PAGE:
Letter to the Editor
I am writing to express my disappointment with your March 23 article, “Lack of publicity for elections disappointing.” While I agree that there has thus far been a surprising lack of traditional campaigning, it is surely too soon to judge the impact of their campaigns on the student body. The same might be said for your analysis of Elections Board marketing strategies: There is more to come.
But my main concern is your lack of understanding regarding the constraints that are in place for the Elections Board, and the role we are asked to play.
You may remember — or have heard the legend of — the year the student body elections “broke” (2007). In response, the rules governing student body elections were revised, and the 2008 Elections Board was charged with strict adherence to the new rules. The aim, in part, was to promote a new culture of respect for the procedures that are in place to guide student government.
While you would like to see posters littering the walls of every building on campus, both candidates and the Elections Board are expected to adhere to campus postering and graffiti policies — which restrict our advertising to one poster per bulletin board.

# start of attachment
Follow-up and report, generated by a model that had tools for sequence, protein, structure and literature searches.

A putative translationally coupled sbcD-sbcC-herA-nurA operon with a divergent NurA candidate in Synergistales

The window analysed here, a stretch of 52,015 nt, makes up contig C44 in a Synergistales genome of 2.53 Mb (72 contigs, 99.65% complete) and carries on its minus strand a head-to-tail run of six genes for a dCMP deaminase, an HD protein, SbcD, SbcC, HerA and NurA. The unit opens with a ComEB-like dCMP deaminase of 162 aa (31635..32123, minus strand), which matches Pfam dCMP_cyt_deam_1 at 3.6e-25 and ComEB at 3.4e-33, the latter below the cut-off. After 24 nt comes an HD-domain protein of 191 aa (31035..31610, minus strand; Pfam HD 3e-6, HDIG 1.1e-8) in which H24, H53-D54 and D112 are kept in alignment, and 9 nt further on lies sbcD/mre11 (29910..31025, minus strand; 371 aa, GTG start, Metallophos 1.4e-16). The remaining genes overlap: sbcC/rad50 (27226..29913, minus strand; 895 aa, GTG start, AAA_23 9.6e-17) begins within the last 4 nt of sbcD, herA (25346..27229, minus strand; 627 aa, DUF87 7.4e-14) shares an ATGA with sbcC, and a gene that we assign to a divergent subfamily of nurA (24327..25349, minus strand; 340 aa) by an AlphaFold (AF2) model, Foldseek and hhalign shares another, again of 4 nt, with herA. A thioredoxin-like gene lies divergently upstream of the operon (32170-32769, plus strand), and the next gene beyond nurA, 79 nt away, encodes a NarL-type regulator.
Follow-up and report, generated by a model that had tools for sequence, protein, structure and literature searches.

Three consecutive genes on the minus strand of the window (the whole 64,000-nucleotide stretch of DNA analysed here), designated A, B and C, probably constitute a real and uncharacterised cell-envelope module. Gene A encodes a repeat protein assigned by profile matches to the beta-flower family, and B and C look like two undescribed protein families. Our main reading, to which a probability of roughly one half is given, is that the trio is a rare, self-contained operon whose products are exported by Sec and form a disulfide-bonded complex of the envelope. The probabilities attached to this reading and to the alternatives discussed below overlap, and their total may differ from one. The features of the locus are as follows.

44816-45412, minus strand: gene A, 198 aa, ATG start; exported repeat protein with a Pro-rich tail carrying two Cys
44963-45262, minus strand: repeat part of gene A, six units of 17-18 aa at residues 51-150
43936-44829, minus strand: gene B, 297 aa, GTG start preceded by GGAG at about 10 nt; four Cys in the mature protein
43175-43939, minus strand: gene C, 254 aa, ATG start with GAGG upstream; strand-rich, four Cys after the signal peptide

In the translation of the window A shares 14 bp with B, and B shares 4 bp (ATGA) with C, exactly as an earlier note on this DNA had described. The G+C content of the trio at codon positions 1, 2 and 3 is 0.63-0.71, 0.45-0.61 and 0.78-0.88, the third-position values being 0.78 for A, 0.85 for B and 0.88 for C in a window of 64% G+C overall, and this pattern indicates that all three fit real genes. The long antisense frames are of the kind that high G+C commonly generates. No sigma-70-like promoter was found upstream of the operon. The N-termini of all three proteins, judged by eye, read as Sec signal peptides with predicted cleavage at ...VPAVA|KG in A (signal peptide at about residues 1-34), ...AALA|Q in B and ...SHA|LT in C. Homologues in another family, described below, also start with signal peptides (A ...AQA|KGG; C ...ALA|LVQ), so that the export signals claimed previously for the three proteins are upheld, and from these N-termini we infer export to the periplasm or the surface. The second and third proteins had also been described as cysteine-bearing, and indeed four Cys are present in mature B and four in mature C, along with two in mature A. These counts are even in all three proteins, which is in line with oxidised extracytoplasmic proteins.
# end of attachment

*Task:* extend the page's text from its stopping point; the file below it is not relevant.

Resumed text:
Consider also the following: Last year there were contests for Senate seats in five of the seven colleges; this year there are three. Last year all of our publicity hit campus after spring break; this year we collected petitions from candidates before spring break and restarted our publicity afterward. Last year everyone was waiting to see whether the election would be once again spectacular; this year we have returned to a slightly less exciting atmosphere.
In short, there are a variety of factors that affect student body election publicity and how it is perceived. Next time you want to express your disappointment, please take the time to consider the whole story, instead of just fanning the flame of misguided perception.
Ruth Poproski, Elections Board Co-Chair